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Process of calculation of India's GDP
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This lesson explain how the GDP of India is calculated

Awdhesh Singh is teaching live on Unacademy Plus

Awdhesh Singh
Director, AwdheshAcademy.com, An E-learning platform for Civil Services, Schools, GST etc., IITian, Former IRS Officer CSE-1989 rank 272

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  1. Process of Calculation of India's GDP Dr Awdhesh Singh, IRS (Retd.) Director, Awdhesh Academy, Former Commissioner, Customs & Indirect Taxes (Central Excise/GST)


  2. Central Statistics Office (CSO) The Central Statistics Office (CSO), under the Ministry of Statistics and Program Implementation, is responsible for macroeconomic data gathering and statistical record keeping. Its processes involve conducting an annual survey of industries and compilation of various indexes like the Index of Industrial Production (IIP), Consumer Price Index (CPI), etc. The CSO coordinates with various central and state government agencies and departments to collect and compile the data required to calculate the GDP and other statistics. For example, data points specific to manufacturing, crop yields, or commodities, which are used for the Wholesale Price Index (WPI) and CPI calculations, are gathered and calibrated by the Price Monitoring Cell in the Department of Consumer Affairs under the Ministry of Consumer Affairs. Similarly, production-related data used for calculating IIP is sourced from the Industrial Statistics Unit of the Department of Industrial Policy and Promotion under the Ministry of Commerce and Industry All the required data points are collected and aggregated at the CSO and used to arrive at GDP numbers.


  3. The GDP Calculation Process The GDP in India is calculated using two different methods, leading to differing figures that are nonetheless close in range. 1. Economic activity (at factor cost), 2. Expenditure (at market prices) . Further calculations are made to arrive at nominal GDP (using current market price) and real GDP (inflation- adjusted). . Among the four released numbers, the GDP at factor cost is the most commonly followed figure and reported in the media


  4. Calculation of the Factor Cost The factor cost figure is calculated by collecting data for the net change in value for each sector during a particular time period. The following eight industry sectors are considered in this cost: 1. Agriculture, forestry, and fishing 2. Mining and quarrying 3. Manufacturing 4. Electricity, gas and water supply 5. Construction 6. Trade, hotels, transport, and communication 7. Financing, insurance, real estate, and business services 8. Community, social and personal services


  5. Sample report from Q2 2014 (Rs. in crore Percentage change Gross Domestic Product over previous vear Industry Previous Year 92 02 Q2 . agriculture, forestry and fishing 131.5so 135.789 3.2 2. mining and 25.509 187.763 22.894 91.556 24.774 192.849 25.137 95.489 -2.9 3. manufacturing 2.7 4. electricity. gas and water supply 9.8 5. construction 4.3 6. trade, hotels transport and communication 311.166 342.O8O 9.9 7. financing, ins. rea est. and business services 208.644 230.627 10.5 8. community, social and personal se 169.390 180.51 1 6.6 rvices 148.47 7.254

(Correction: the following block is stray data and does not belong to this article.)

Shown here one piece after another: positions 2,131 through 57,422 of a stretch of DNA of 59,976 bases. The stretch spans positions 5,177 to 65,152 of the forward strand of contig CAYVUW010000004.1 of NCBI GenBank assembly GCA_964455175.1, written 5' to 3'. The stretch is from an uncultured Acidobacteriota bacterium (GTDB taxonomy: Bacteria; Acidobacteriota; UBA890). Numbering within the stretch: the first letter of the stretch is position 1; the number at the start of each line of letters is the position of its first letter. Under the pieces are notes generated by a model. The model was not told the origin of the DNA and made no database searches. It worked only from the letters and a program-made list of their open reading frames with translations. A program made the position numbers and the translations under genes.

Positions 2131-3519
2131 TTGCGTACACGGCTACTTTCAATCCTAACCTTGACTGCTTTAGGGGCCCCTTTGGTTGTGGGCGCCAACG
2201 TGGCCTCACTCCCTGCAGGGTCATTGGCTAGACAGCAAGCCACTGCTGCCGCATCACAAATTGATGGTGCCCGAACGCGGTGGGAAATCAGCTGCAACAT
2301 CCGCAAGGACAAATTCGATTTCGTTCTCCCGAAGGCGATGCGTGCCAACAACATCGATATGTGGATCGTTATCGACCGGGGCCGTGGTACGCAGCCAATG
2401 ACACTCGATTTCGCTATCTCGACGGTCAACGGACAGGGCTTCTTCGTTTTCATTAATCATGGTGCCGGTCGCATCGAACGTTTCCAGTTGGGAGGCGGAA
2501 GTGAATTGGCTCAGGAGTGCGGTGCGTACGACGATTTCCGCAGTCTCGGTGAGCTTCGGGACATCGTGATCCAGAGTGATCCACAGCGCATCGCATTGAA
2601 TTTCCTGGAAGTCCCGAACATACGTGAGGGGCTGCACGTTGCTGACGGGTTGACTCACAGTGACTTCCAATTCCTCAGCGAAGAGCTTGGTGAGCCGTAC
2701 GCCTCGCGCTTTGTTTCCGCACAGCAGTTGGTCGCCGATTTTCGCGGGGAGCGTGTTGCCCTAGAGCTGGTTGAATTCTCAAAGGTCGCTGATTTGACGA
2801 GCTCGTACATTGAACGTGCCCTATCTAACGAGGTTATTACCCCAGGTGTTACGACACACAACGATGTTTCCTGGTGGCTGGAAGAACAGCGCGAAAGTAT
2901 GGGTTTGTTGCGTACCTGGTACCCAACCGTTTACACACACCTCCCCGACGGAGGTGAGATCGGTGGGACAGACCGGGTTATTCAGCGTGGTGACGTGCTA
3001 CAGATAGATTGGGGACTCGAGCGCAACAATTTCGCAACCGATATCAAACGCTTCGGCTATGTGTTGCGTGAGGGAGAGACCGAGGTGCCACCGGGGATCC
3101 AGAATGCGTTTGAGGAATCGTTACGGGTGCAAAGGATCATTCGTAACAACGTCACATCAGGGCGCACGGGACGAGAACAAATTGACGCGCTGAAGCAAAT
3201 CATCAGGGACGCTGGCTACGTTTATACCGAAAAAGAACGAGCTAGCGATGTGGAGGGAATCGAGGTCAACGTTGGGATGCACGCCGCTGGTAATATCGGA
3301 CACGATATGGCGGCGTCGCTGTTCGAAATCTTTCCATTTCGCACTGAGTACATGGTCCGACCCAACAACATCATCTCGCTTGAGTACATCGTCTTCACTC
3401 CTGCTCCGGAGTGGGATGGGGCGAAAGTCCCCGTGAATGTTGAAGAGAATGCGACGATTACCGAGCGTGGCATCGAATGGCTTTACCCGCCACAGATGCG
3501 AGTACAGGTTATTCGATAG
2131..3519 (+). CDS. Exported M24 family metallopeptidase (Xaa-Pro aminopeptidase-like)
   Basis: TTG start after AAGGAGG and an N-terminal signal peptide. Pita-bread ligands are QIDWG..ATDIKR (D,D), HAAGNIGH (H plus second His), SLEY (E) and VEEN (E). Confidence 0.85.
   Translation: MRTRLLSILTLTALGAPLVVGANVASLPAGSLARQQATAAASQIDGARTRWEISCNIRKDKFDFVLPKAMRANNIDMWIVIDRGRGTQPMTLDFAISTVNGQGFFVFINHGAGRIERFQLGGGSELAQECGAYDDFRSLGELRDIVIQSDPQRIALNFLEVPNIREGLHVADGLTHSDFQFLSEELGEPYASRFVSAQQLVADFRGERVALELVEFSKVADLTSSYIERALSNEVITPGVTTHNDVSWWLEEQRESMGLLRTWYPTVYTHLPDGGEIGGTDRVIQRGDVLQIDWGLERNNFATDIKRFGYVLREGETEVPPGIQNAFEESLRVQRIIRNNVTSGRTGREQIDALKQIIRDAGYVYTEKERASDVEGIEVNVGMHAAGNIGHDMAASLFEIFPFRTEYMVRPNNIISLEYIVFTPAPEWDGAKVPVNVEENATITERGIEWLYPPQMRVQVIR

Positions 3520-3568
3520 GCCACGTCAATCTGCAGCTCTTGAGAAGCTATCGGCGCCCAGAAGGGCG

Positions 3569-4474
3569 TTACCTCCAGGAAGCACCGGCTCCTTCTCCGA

6. Expenditure Method The expenditure (at market prices) method involves summing the domestic expenditure on final goods and services across various streams during a particular time period .It includes consideration of expenses towards household consumption, net investments (i.e., capital formation), government costs, and net trade (exports minus imports)


  7. Sample Expenditure Method Rate of GDP at | Market Prices (%) Rs. in Crores Expenditure of GDP Item Previous Year Present Year Previous,Present Q2 Q2 Q2 Q2 1. Private Final Consumption Expenditure (PFCE) 2. Government Final Consumption Expenditure (GFCE) 3. Gross Fixed Capital Formation GFCF 4. Change in Stocks 5. Valuables 741,624785,463 59.9 59.5 135,400140,883 10.9 10.7 405,567 402,994 32.830.5 6. Exports 7. Less Imports 8. Discrepancies GDP at market 44,808 45,499 3.6 3.4 29,98437,68 2.4 29 262,098333,947 21.2 25.3 356,753395,512 28.8 29.9 25,117 29,918 2.02.3 1,237,610 1,321,038 100 100 rices


  8. Benefits of Expenditure Method The GDP numbers from the two methods may not match precisely, but they are close. The expenditure approaclh offers a good insight into which parts contribute most to the Indian economy. For example, domestic household consumption, which forms 59.5% of the economy, is the reason why India remains unaffected to a good extent by global slowdowns. Any economy with a high concentration on exports will be more susceptible to the effects of global recession.


  9. Timelines . Each quarter's data are released with a lag of two Annual GDP data are released on May 31, with a lag of months from the last working day of the quarter. two months. more and more accurate datasets become available, the The first figures released are quarterly estimates. As calculated figures are revised to final numbers.


  10. Comparison of two approaches to calculate GDP India calculates GDP in two different ways. Both methods have advantages for the end user depending upon his/her needs. . To assess the performance of different industry sectors, the factor cost GDP details are useful The expenditure-based GDP calculations is useful to ascertain how different areas of the economy are performing - whether trade is improving, or whether investments are on the decline.